Healing Through Herbs
Herbs are plants, or parts of a plant, that are not only used to flavor foods but also for therapeutic properties. In fact medicinal herbs, or herbs used for healing powers, have been around for a while throughout history and are often more prevalent in countries where drugs are not as accessible. In the US, alternative medicine, such as using herbs for healing, has become increasingly popular as people believe they are always safer or healthier from them than prescription, or over-the-counter, drugs and medications. Unfortunately this is not always the case. One must always talk to their doctor before taking anything new as there can be side effects, and medication-interactions. Here are a list of some of the more commonly taken herbs and what you should know about them:
Mental Health & Nervous System
Used For: digestion, nervousness, insomnia, menopause
Cautions: women with history of breast cancer or at risk for it should avoid hops as it can stimulate hormonal activity
St. John’s Wort
Used For: minor depression, muscle aches, fever blisters
Cautions: may interact with prescription medications, especially medications that treat depression or anxiety.
Used For: nervousness, insomnia, anxiety
Cautions: relatively safe and non-habit forming
Used For: cold and flus
Cautions: may inhibit certain liver enzymes, theoretically increasing blood levels of certain medications that are used to treat fungal infections, high cholesterol, and allergies. Also may interfere with birth control pill. Side effects include mild stomach upset, nausea, dizziness.
Used For: colds and flus
Cautions: advised in people with autoimmune conditions
Used For: colds, cough, asthma, and emphysema
Cautions: may cause low blood sugars and interact with several medications. Side effects include ingested oils can cause nausea, vomiting, muscle weakness, breathing problems, increased heartbeat, and low blood pressure.
Used For: sore throat, colds and coughs, memory, menopause, excessive sweating
Cautions: avoid large amounts
Used For: coughs, colds and flu
Cautions: generally safe
Heart & Circulation
Used For: Antioxidants, blood pressure and cholesterol levels, anti-inflammatory
Cautions: due to small amount of caffeine it can be stimulating making it hard to fall asleep at night. Milk or white chocolates are not as rich in antioxidants and milk fats diminish antioxidant absorption.
Used For: Diabetes
Cautions: large amounts can contain coumarin which cause blood-thinning and liver problems only if large amounts take over long periods of time. Monitor blood sugars carefully.
Used For: Antioxidant, mental health, circulation
Cautions: may have effects on blood clotting. Not recommended during pregnancy or right before surgeries.
Used For: Heart health and antioxidant
Cautions: if taken in form of wine, limit to no more than 1-2 servings per day.
Used For: heart health
Cautions: Generally safe and well tolerated. For those who have history of CHF, only take under supervision of doctor
Used For: Digestive aid, mouth ulcers, colic, eczema
Cautions: Safe, however allergic reactions can occur
Used For: digestive aid, colic, menstrual cramps, coughs and colds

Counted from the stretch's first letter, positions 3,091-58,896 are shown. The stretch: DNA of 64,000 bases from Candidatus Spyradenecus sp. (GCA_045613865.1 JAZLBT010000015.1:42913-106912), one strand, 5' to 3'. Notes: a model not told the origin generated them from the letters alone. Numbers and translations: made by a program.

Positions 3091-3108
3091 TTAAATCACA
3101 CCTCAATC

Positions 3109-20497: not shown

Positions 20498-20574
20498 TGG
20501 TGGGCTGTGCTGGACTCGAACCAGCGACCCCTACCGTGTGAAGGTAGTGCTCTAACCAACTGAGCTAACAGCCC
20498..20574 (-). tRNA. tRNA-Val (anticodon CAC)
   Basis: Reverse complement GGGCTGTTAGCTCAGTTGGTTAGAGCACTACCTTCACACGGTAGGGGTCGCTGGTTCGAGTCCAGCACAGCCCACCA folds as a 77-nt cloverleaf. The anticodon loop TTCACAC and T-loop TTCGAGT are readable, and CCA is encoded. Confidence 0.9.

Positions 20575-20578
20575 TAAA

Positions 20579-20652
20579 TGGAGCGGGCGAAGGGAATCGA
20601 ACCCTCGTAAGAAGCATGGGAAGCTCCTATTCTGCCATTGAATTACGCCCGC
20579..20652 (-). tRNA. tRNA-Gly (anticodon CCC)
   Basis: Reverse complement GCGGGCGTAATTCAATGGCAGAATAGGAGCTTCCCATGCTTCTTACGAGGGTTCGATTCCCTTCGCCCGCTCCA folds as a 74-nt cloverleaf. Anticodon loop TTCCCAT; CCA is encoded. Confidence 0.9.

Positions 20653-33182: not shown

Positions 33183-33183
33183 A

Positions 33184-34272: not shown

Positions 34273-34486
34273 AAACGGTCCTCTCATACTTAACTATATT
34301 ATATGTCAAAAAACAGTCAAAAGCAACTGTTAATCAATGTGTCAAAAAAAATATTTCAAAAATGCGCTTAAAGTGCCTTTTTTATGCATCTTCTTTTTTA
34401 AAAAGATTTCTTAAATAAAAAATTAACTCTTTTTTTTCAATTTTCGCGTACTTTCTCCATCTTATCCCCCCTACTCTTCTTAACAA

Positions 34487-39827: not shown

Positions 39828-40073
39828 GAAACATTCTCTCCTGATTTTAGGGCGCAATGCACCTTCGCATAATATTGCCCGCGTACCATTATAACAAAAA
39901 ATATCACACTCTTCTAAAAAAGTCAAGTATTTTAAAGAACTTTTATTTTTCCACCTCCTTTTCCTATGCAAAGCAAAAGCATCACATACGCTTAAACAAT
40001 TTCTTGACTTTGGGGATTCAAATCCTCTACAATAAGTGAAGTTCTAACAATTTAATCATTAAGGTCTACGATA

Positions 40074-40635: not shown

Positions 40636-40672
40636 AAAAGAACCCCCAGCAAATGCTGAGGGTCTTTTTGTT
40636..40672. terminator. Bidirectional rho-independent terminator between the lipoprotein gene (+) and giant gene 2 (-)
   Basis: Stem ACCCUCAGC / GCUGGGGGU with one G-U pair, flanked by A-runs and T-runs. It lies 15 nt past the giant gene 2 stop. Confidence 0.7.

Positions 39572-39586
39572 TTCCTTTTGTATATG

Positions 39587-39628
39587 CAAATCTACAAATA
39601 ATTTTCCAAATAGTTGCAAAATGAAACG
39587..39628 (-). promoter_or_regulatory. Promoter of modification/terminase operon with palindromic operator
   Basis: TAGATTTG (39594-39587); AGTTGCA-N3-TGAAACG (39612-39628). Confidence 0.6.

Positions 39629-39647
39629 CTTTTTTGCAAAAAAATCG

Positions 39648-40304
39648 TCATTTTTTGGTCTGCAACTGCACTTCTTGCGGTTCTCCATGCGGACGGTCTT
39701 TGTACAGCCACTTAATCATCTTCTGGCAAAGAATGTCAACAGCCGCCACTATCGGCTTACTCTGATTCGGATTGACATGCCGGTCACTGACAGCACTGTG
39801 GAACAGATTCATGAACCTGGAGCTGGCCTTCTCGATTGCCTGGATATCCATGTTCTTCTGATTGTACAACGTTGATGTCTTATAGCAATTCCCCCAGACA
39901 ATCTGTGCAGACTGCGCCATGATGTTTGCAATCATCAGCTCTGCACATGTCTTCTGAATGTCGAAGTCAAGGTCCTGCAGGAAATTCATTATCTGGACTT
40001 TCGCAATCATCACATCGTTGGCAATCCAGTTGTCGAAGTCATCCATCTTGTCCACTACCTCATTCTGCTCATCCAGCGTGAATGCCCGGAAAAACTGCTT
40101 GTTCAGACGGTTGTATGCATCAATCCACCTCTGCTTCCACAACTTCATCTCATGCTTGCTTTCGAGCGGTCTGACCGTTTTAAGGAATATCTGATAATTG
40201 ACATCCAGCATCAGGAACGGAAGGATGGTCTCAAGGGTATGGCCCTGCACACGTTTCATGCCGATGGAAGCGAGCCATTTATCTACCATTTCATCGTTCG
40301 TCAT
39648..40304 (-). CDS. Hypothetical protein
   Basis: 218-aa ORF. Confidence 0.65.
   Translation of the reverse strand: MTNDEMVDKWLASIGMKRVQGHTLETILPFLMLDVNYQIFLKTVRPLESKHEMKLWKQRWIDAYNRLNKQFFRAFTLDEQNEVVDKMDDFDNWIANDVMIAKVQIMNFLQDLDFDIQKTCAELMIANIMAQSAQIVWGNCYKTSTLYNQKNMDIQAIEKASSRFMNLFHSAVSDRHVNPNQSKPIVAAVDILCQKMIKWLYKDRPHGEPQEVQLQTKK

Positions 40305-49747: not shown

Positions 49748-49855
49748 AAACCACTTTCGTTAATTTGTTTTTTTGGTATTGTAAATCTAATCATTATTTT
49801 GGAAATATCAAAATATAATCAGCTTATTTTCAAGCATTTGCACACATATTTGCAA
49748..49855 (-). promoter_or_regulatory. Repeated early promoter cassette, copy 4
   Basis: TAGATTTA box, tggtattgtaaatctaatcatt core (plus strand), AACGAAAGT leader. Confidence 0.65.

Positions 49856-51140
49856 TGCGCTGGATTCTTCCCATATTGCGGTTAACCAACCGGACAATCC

Cautions: included on the Food and Drug Administration’s list of herbs that are generally regarded as safe (GRAS)
Used For: diarrhea, coughs and colds, heart health
Cautions: small risk that can affect platelets ability to form a clot so reduce 10 days before surgery. Can also interfere with meds used to treat HIV infection.
Used For: motion sickness, morning sickness, nausea/vomiting, inflammation, coughs and colds
Cautions: may cause mild heartburn
Used For: liver protectant
Cautions: no contraindications
Used for: indigestion, irritable bowel syndrome, colds and coughs, muscles aches, tension headache
Cautions: avoid if you have GERD (gastroesophageal reflux disease) as it can worsen heartburn
Used For: fiber, bulk laxative, heart health
Cautions: reduced absorption of certain drugs so avoid taken them with medications. May also cause GI tract obstruction.
Used For: occasional heartburn, coughs, sore throat, itchy or inflamed skin
Cautions: well tolerated
Used For: inflammatory bowel disease, rheumatoid arthritis
Cautions: may cause indigestion
Joints, Muscles, and Skin
Used For: Burns, psoriasis, colitis, Diabetes
Cautions: topically aloe is safe, however, when ingested be sure to look for aloin-free versions as it can irritate digestive tract and act as a laxative.
Used For: bruises, contusions, swelling and joint pain
Cautions: safe if applied only externally and avoid digesting.
Used For: Arthritis, nerve pain
Cautions: topical versions can cause skin rash, burning and stinging.
Used For: topical antioxidant, antibacterial, bronchitis, muscle/joint pain, circulation, memory/cognition
Cautions: can cause rash when exposed to sun.
Used For: skin infections, gingivitis, dandruff, acne
Cautions: never take internally as it can be toxic
Used For: menopause, PMS, menstrual cramps, arthritis, mild depression
Cautions: except for minor GI upset, usually side-effect free.
Used For: PMS, breast tenderness
Cautions: no adverse effects and extremely well tolerated
Used For: bladder infections
Cautions: generally none
Wellness & Perception
Used For: tonic, diabetes, immune system function
Cautions: can lower blood sugars, and cause mild stomach upset. Also acts as a stimulant which can interfere with sleep.
Used For: Antioxidant, well-being
Cautions: not recommended for those undergoing chemo or radiation therapy. May lower blood glucose and pressure levels and interfere with blood-thinning medications.
“National Geographic Guide To Medicinal Herbs.” Rebecca L. Johnson; Steven Foster; Tieraona Low Dog, MD; David Kiefer, MD.